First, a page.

As a result, seat bookings fell dramatically towards the end of February, amid reports of eerily quiet airports and pictures of planes flying empty. Passenger movements are also down by 80% in China. The International Air Transport Association (IATA) recently reported that demand for air travel will fall in 2020, following 11 straight years of growth.
Governments have revised their travel advice. This helpful summary from IATA highlights the extent of entry restrictions faced by air travellers.
Airline Stock is Crashing
Both IAG (the owner of British Airways) and Easyjet have issued warnings in relation to the Coronavirus outbreak. They anticipate severe disruption to their routes/schedules, and expect significantly reduced passenger numbers. While they haven’t shared explicit numbers, they’re preparing investors for the worst.
Aircrafts are sitting idle at airports around the world because they can’t fly to cities restricted by the virus outbreak. Aviation24 reported that Lufthansa has cut its short- and medium-haul flight schedule by 50% and grounded 23 long-haul aircrafts. Airlines are responding by trying to redeploy redundant aircraft to add capacity to existing routes, or launch new routes. However, there isn’t enough demand to warrant the extra capacity. Passengers are nervous about booking any travel at the moment and the extra capacity just isn’t being filled.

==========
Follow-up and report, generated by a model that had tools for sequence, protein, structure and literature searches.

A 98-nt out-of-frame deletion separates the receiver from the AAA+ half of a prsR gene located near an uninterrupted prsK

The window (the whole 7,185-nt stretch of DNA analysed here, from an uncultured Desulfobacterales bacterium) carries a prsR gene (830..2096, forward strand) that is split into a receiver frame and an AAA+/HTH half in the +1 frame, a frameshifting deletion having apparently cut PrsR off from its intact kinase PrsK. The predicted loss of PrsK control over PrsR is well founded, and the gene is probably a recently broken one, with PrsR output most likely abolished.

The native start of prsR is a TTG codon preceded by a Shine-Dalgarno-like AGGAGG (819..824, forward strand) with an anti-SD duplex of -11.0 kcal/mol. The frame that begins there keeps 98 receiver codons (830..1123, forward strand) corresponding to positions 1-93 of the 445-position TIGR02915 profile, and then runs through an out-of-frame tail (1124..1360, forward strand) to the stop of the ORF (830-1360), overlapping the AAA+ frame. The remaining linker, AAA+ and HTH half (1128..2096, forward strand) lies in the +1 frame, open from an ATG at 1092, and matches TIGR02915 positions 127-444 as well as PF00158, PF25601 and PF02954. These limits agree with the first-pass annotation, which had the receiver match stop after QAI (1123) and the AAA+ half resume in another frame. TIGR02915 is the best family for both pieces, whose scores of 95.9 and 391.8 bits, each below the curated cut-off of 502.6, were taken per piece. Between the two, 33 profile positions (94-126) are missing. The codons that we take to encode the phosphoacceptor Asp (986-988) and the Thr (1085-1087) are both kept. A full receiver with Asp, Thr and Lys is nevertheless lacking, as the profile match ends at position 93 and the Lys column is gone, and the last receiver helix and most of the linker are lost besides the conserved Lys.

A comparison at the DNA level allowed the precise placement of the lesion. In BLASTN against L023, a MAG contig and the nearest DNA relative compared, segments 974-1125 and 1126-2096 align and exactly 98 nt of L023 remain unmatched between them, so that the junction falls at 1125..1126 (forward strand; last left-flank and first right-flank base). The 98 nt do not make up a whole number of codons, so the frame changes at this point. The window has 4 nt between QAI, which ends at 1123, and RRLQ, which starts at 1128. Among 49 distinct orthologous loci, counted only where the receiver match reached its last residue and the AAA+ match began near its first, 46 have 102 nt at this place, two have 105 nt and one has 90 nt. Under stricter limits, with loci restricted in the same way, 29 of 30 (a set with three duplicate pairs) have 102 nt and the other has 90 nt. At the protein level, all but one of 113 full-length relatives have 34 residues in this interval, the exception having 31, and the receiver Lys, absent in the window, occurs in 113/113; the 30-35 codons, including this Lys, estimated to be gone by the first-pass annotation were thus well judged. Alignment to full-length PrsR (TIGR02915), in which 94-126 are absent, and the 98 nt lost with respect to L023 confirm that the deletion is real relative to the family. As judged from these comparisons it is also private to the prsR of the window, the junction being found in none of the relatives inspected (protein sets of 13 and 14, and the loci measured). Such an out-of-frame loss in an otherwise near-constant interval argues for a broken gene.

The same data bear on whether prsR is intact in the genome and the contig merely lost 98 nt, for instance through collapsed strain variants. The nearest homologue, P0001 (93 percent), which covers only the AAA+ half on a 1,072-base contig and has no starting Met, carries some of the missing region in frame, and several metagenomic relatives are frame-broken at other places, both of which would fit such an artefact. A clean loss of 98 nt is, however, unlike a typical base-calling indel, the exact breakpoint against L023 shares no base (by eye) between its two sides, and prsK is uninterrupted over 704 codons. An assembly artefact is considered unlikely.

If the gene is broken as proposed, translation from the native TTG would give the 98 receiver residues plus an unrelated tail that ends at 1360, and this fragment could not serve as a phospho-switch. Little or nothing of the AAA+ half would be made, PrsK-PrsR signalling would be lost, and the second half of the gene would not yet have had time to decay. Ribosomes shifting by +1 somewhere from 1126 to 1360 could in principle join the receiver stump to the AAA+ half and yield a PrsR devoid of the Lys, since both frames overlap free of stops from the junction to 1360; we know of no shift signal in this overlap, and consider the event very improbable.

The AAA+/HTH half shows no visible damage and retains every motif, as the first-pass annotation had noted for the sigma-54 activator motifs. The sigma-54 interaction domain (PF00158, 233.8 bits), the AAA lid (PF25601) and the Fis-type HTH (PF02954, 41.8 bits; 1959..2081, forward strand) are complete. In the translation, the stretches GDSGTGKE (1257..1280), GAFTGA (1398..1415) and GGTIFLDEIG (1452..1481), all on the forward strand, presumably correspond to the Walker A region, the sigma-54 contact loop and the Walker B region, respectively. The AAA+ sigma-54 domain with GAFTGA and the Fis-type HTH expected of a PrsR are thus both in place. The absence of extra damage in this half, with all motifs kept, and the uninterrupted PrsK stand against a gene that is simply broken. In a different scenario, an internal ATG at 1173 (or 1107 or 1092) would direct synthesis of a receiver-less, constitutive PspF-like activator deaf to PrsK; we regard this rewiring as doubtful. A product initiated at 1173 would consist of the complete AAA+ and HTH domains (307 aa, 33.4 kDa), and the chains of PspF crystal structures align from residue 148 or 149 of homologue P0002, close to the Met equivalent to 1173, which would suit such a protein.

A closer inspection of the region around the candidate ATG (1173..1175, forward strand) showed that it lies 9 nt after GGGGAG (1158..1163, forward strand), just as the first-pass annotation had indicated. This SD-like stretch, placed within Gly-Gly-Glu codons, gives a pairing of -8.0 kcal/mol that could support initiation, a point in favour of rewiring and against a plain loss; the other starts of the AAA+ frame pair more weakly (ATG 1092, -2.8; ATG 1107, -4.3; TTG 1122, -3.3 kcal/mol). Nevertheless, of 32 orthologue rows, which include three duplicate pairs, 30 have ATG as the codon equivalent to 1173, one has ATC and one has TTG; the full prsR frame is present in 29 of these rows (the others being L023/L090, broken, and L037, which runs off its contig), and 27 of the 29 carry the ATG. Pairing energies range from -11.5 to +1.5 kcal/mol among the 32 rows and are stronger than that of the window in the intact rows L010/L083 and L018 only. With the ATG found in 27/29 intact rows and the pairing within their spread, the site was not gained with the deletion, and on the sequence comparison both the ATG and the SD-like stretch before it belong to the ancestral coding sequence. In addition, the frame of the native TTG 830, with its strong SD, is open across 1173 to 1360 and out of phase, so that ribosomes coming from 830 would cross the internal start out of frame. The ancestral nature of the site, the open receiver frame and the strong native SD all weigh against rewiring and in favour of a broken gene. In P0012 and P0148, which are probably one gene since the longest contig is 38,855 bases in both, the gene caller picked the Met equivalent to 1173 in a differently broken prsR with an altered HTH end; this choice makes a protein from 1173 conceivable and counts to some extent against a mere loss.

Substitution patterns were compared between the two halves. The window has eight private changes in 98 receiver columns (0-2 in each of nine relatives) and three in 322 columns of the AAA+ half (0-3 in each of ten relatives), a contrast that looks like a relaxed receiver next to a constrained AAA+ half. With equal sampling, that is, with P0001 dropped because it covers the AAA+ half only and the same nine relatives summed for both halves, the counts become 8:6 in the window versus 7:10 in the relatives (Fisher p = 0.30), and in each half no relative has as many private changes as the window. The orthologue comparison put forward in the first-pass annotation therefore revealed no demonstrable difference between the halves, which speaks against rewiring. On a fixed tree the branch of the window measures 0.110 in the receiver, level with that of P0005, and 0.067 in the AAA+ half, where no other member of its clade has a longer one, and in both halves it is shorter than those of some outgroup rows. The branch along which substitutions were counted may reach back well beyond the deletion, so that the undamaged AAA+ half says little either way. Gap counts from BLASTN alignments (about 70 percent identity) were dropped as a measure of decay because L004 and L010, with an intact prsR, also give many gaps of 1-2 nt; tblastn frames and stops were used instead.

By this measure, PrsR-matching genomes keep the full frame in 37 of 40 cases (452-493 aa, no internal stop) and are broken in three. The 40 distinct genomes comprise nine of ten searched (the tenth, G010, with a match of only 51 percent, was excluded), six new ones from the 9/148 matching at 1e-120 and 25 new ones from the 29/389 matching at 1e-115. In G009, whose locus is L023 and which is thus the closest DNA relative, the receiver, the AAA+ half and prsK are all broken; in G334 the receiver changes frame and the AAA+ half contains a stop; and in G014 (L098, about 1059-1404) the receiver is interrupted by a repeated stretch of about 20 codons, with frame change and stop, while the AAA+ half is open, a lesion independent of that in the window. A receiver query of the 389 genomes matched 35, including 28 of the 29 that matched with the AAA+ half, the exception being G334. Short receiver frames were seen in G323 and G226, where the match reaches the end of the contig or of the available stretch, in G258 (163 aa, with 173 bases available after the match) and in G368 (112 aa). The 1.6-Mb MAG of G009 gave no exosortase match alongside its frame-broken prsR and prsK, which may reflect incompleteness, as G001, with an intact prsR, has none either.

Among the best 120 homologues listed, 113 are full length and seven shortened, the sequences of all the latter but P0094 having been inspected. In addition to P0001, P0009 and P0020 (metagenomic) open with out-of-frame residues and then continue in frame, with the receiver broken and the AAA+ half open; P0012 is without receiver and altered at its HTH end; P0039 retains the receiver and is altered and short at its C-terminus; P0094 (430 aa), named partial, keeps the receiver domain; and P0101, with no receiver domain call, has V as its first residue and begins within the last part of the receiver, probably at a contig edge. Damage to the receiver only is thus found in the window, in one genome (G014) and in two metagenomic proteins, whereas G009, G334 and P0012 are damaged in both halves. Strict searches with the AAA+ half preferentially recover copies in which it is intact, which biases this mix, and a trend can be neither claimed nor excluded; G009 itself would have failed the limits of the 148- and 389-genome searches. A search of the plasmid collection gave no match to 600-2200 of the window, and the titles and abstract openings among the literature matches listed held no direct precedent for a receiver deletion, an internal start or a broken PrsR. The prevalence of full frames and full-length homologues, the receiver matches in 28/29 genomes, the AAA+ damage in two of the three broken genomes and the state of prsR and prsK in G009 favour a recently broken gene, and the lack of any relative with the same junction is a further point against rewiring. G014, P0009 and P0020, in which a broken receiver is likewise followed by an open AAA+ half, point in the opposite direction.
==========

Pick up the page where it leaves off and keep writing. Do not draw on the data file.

This has caused airline shares to fall dramatically, with 30% being wiped off some of the biggest names in aviation. The falling stock price shows just how much investors believe Coronavirus will hit the profits of airlines.
IATA has already suggested the virus outbreak could cost airlines $30bn in lost revenue. For context, airline revenue dropped by almost $20bn in the wake of 9/11. If, however, the virus isn’t contained and spreads beyond the current areas, the cost could be far higher. The unpredictability of how the virus will spread means further turbulence is inevitable for airline businesses.